Loans for my projects don’t add to debt burden so much: President

President Maithripala Sirisena said that loans taken for agricultural development projects initiated by him are different from loans taken for other major investments, as they have longer repayment periods and his projects offer faster returns.

“These loans taken for agricultural development are different to the loans taken for other massive investments which show a return on investment only in 5-10 or 15 years. The debt burden is not exacerbated by this because the return on investment is very clear. These projects give returns in three or four months with the crop yield.”

He made these comments at an event held to announce the inauguration of Stage II of the Wayamba Ela Project, scheduled for 24 August. Under this scheme, waters from the Mahaweli will be diverted from the Eastern Province to the Northern Province.

He suggested that the benefit to poverty stricken farmers from projects such as this and Moragahakanda outweigh any debt burden it places on the Treasury.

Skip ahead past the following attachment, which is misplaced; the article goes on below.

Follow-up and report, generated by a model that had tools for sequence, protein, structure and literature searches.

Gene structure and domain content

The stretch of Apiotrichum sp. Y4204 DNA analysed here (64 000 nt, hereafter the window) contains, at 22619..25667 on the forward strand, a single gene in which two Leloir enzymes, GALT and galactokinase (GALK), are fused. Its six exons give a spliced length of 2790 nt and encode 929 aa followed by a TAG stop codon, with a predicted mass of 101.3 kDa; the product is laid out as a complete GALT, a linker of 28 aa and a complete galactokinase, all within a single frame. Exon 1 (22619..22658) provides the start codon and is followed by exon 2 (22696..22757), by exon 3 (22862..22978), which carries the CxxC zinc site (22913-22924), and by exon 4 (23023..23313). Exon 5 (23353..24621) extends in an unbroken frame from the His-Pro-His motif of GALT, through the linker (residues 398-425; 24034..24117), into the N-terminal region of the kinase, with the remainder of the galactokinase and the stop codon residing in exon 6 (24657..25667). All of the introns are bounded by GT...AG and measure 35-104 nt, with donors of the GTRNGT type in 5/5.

“More than any burden this may place on the Treasury in terms of pure economics, these kinds of projects fill the hearts of poor farmers. When they reap the rewards of these projects their hearts are filled as well as their stomachs. Debt is a different issue.”

He went on to say that the repayment periods of these loans are longer than previous development projects, and that this would ensure debt servicing would not be a major issue.

“These have long term repayment terms; not to pay back tomorrow or day after. These are long term investments.”

President added that the continuation of the Wayamba Ela Project will not be an issue as there are many friendly nations and international financial institutions who are willing to lend to his projects.

“International financial institutions will give money gladly if they see work being done and that there is no corruption. This project has been funded by China, Japan, Saudi, Kuwait, and the Asian Development Bank (ADB). We have no issues with funding. We can continue these projects without any issue.”

Sri Lanka’s total outstanding external debt stock stood at $ 31.6 billion in April 2018 and the Government says it has already completed 25% of external debt service payments for this year as of 30 April, out of the estimated $ 2.9 billion overall debt service for 2018. (CC)